In 1964, with the Cuban Missile Crisis fresh in viewers’ minds, the Cold War at its frostiest, and the hydrogen bomb relatively new and frightening, Stanley Kubrick dared to make a film about what could happen if the wrong person pushed the wrong button — and played the situation for laughs.
Dr. Strangelove’s jet-black satire (from a script by director Stanley Kubrick, Peter George, and Terry Southern) and a host of superb comic performances (including three from Peter Sellers) have kept the film fresh and entertaining, even as its issues have become (slightly) less timely. Loaded with thermonuclear weapons, a U.S. bomber piloted by Maj. T.J. “King” Kong (Slim Pickens) is on a routine flight pattern near the Soviet Union when they receive orders to commence Wing Attack Plan R, best summarized by Maj. Kong as “Nuclear combat! Toe to toe with the Russkies!” On the ground at Burpleson Air Force Base, Group Capt. Lionel Mandrake (Peter Sellers) notices nothing on the news about America being at war. Continue reading Stanley Kubrick – Dr. Strangelove or: How I Learned to Stop Worrying and Love the Bomb (1964)
Cuadecuc, vampir is a dreamlike combination of documentary, narrative, experimental, and essay film styles and is one of the key films of contemporary Spanish cinema. Shot on the set of Jesus Franco’s Italian horror film Count Dracula, and featuring the star of that film, Christopher Lee, Vampir is both a sly political allegory about generalissimo Francisco Franco, a gentle homage to early films about the vampire legend, particularly Dreyer’s Vampyr and Murnau’s Nosferatu, and a work of subtle beauty and great richness. Continue reading Pere Portabella – Cuadecuc, vampir (1971)
Presented as a tableaux of seven sections in black and white, with a final montage of Rublev’s painted icons in color, the film takes an unflinching gaze at medieval Russia during the first quarter of the 15th century, a period of Mongol-Tartar invasion and growing Christian influence.
Commissioned to paint the interior of the Vladimir cathedral, Andrei Rublev (Anatoli Solonitsyn) leaves the Andronnikov monastery with an entourage of monks and assistants, witnessing in his travels the degradations befalling his fellow Russians, including pillage, oppression from tyrants and Mongols, torture, rape, and plague. Faced with the brutalities of the world outside the religious enclave, Rublev’s faith is shaken, prompting him to question the uses or even possibility of art in a degraded world. After Mongols sack the city of Vladimir, burning the very cathedral that he has been commissioned to paint, Rublev takes a vow of silence and withdraws completely, removing himself to the hermetic confines of the monastery. Continue reading Andrei Tarkovsky – Andrey Rublyov AKA Andrei Rublev (1969) DVD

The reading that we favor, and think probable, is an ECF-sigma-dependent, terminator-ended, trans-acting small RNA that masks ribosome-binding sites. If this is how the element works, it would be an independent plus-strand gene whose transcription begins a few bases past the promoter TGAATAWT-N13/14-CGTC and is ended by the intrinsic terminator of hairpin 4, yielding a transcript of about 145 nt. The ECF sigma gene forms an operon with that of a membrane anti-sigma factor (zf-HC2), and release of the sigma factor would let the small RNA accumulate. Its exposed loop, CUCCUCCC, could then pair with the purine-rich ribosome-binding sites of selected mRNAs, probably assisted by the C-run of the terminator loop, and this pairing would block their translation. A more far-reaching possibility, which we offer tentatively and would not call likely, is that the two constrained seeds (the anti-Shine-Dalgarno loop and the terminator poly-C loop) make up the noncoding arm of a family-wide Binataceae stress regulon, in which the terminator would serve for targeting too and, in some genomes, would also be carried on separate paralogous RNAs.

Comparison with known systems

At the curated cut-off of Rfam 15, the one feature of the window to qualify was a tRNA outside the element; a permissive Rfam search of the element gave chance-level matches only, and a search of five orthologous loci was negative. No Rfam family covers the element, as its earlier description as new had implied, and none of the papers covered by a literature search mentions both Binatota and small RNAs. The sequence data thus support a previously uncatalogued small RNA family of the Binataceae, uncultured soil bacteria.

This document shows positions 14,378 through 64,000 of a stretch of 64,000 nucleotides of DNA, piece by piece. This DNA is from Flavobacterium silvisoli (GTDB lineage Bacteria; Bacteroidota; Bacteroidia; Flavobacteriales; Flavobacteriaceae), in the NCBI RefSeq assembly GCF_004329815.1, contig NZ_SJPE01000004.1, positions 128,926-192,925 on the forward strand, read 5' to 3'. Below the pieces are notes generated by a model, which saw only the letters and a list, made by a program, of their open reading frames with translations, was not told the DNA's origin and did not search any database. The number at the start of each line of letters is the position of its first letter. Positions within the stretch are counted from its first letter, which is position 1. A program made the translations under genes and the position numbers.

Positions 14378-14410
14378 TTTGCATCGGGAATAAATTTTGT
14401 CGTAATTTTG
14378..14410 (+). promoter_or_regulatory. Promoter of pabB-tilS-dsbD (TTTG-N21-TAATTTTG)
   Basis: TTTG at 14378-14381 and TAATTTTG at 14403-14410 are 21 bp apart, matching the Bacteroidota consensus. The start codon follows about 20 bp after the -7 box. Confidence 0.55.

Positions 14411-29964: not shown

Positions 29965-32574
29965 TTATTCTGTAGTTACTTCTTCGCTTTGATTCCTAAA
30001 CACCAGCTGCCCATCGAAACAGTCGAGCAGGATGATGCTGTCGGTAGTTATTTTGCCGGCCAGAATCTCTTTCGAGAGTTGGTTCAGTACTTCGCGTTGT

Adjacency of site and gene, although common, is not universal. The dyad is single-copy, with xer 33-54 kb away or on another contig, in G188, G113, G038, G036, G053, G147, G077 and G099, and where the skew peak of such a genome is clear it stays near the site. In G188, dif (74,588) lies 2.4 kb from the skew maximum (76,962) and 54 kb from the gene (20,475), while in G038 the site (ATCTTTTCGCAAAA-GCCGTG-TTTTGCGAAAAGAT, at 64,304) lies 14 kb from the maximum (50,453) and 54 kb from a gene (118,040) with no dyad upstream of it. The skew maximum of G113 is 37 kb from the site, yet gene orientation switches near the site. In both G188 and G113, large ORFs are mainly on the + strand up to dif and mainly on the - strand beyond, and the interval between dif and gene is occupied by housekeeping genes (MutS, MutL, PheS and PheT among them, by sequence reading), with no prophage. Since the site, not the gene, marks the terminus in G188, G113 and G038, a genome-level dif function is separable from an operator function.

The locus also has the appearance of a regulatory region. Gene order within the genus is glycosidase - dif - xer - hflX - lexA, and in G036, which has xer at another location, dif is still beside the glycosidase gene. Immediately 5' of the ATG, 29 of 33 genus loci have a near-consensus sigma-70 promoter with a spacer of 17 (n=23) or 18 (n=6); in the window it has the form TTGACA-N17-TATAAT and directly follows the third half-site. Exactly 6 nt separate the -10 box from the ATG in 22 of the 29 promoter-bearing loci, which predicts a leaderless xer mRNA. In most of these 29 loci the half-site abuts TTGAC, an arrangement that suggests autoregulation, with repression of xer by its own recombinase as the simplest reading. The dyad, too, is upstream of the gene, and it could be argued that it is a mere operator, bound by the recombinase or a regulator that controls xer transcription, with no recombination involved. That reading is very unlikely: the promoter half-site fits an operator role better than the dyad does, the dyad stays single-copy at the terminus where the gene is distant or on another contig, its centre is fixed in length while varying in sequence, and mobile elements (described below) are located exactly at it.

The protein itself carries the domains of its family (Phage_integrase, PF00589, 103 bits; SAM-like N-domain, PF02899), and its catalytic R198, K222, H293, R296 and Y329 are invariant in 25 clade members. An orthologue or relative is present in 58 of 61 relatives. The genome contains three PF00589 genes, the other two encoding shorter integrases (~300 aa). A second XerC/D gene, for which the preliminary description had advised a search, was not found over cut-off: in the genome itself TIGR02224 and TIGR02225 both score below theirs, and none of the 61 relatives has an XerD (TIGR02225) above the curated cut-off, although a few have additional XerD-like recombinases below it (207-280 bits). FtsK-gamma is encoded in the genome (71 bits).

The film starts with a warning message, which reads:
WARNING. The producer, distributor, and exhibitors waive all liability for physical or mental injury possibly caused by the motion picture “The Flicker.” Since this film may induce epileptic seizures or produce mild symptoms of shock treatment in certain persons, you are cautioned to remain in the theatre only at your own risk. A physician should be in attendance.
The film then goes on to a frame that says “Tony Conrad Presents,” and then to a frame that says “The Flicker,” at which point it starts. The screen goes blank, then after a short while, the screen flickers with a single black frame. This is repeated again and again until it creates a strobe effect, for which the film is titled. This continues until the film stops abruptly Continue reading Tony Conrad – The Flicker (1965)
Aesthetic and political rebel, Oshima is one of the most original directors now working in Japan. This is a metaphysical tale of a radical student filmmaker who succumbs to the illusion that he has committed suicide and left a film as his testament. Attempting to
“decipher” this film and the “dead man’s” life, he rapes his own girl (who plays along with the illusion to cure him) and retraces the “other man’s” life by means of the film, only to find himself in his own birthplace. The film testament proves incomprehensible. He therefore refilms it, intending to create a work superior to that of his illusory rival; but his girl, to save him, willfully interrupts and changes each scene. He finally realizes that he must kill the dead man — himself — in order to be free. Several key episodes, including sex scenes, are recreated by the protagonists in front of a screen showing the film testament so that they are projected onto their bodies. Throughout, the style is meticulously realistic, meticulously metaphysical.
– from Vogel’s Film as a Subversive Art Continue reading Nagisa Ôshima – Tôkyô sensô sengo hiwa AKA The Man Who Left His Will on Film (1970)
Junta is hated by the people in the village where she lives, especially by the women, who suspect her of being a witch. Only she can climb the nearby mountains to a cave high up, whence a mysterious blue light glows when the moon is full. Many young men of the village have died trying to follow her. She is driven out of town, and takes to living in the mountains. Eventually she shares the secret of the blue light with one man, and he betrays it. Continue reading Leni Riefenstahl & Béla Balázs – Das blaue Licht AKA The Blue Light (1932)
Parisians flee into the countryside, strafed by German planes. Her parents shot, a small girl (Brigitte Fossey) wanders into the countryside, finding refuge with a peasant family. She and their youngest son (Georges Poujouly) form a liason against the adults. The French authorites hated it, but the film triumphed abroad and confirmed Clemént as a director of compassion and brilliance. Continue reading René Clément – Jeux interdits aka Forbidden Games [+ Extras] (1952)